Luckily 203 has the help of PLA scout Yang Zirong (Zhang Hanyu), whose casual kickassery cannot be denied. The fortress is basically impregnable but Yang volunteers to infiltrate Lord Hawk’s gang to figure out their weaknesses and set up a future assault. There’s more at stake than protecting the village – the KMT and Lord Hawk possess or seek numerous maps that lead to hidden resources and even 10,000 catties of gold – but those objects are largely MacGuffins for a David vs. Goliath storyline about a smaller force taking on a much larger one. Much of the map-related intrigue is delivered via quick exposition, and nobody actually follows the maps to figure out where they lead. One might ask why the PLA doesn’t use the treasure map to help Mao fund his “great awakening” or something, but Tsui Hark thankfully never waves his China pompoms. Even the film’s framing sequence, set in 2015 and involving a Chinese man (Han Geng) in New York travelling back to China, is more about family than PLA pride. Tsui Hark butters his bread on both sides here.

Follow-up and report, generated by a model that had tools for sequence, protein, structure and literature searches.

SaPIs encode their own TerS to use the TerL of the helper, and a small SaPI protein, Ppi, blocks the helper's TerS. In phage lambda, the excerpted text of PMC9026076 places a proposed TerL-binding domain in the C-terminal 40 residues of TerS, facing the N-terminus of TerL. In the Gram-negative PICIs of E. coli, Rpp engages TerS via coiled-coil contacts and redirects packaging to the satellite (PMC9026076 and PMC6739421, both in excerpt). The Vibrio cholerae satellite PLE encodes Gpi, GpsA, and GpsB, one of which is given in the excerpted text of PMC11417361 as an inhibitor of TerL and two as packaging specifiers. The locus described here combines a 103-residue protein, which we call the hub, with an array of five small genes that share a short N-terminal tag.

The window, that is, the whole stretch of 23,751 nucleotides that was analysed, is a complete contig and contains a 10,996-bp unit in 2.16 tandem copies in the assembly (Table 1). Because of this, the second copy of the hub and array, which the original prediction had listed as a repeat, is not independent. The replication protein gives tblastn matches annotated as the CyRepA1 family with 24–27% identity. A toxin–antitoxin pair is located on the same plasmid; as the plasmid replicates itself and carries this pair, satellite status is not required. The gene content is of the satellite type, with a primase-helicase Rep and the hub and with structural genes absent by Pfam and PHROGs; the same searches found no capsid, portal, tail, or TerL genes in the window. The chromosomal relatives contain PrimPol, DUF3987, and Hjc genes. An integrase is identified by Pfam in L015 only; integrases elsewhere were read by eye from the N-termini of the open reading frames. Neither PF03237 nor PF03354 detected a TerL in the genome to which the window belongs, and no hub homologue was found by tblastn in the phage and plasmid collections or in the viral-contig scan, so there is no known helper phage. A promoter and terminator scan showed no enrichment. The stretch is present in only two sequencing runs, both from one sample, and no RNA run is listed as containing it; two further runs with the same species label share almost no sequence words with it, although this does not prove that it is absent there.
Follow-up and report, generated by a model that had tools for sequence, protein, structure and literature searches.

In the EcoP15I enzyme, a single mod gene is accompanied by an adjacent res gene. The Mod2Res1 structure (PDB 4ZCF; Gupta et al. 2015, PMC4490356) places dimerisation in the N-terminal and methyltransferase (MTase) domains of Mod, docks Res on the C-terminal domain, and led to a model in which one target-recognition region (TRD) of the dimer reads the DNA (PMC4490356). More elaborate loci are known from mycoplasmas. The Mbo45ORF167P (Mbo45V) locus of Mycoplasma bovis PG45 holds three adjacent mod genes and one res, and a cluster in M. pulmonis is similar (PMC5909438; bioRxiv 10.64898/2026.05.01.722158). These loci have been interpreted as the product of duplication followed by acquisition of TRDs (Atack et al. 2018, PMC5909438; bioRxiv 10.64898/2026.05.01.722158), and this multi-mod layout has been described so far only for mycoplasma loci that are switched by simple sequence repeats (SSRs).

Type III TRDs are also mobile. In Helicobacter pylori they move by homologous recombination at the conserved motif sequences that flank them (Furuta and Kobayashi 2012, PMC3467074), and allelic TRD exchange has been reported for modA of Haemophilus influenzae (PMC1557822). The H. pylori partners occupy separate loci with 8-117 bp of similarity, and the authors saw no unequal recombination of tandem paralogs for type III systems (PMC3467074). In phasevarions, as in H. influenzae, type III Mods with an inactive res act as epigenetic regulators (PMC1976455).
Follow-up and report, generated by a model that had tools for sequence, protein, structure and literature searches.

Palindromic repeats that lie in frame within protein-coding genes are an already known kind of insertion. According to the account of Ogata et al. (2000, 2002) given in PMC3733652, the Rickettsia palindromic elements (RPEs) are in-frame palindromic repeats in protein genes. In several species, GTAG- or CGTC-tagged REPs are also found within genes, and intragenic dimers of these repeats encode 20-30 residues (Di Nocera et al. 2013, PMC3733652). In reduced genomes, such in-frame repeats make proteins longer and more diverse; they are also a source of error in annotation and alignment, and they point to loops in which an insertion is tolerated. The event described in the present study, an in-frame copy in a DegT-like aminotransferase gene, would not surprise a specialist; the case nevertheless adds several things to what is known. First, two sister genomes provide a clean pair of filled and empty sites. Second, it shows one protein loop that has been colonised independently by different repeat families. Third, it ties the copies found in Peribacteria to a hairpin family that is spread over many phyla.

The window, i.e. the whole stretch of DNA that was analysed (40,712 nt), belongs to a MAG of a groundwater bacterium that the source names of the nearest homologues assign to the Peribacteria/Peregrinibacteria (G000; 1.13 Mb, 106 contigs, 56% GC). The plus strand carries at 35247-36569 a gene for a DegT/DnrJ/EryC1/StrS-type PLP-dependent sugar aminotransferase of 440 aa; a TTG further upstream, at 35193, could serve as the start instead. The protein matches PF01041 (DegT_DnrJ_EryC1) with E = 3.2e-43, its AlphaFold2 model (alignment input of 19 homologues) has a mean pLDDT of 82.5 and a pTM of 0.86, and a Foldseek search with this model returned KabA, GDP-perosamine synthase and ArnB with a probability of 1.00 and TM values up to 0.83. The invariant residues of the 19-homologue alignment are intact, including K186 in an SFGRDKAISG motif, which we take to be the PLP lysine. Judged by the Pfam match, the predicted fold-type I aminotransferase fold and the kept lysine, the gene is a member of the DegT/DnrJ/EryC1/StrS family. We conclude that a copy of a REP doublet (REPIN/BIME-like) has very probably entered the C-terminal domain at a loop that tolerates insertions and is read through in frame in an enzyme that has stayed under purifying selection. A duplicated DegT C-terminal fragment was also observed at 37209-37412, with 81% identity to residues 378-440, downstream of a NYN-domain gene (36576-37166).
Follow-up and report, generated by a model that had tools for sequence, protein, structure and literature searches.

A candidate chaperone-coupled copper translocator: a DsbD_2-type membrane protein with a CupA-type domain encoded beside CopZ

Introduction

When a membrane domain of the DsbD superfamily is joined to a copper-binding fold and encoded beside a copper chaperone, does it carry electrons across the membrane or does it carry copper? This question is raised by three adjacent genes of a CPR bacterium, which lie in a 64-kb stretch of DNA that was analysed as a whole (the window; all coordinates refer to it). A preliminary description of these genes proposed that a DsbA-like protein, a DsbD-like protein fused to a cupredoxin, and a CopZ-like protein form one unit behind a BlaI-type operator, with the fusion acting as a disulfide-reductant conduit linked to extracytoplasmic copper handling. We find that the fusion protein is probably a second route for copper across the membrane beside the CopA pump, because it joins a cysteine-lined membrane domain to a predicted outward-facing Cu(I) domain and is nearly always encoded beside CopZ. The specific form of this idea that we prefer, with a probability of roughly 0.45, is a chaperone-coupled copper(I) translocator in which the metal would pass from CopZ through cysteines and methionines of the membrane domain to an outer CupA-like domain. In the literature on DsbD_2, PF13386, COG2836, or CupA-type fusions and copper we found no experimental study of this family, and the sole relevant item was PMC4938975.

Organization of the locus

Instead of politics, the film concerns itself with smaller human stories, like the subplot involving Knotti (Su Yiming), a young boy who lost his parents to the bandits, and also a vague attraction between 203 and PLA nurse Little Dove (Tong Liya). Knotti’s story is the film’s most emotional, but even his subplot is largely superfluous to the film’s main enjoyment: its espionage antics. Once Yang decides to play spy the film kicks into entertaining high gear, as he heads to the mountain fortress and spends oodles of time convincing the bandits that he’s not a PLA spy even though he totally is one. Numerous times, Yang runs rings around Lord Hawk’s army through his confident wit and bald-faced lies, and Tsui Hark milks each scene for delightful tension and humor. It’s even more entertaining since the bad guys are sneer-worthy types with character design (scars, moustaches, bad hair) that paints them as exaggerated movie villains. Tsui obviously departs from reality in creating Tiger Mountain, edging his “realistic” setting closer to the fantasy worlds that he’s been so successful in.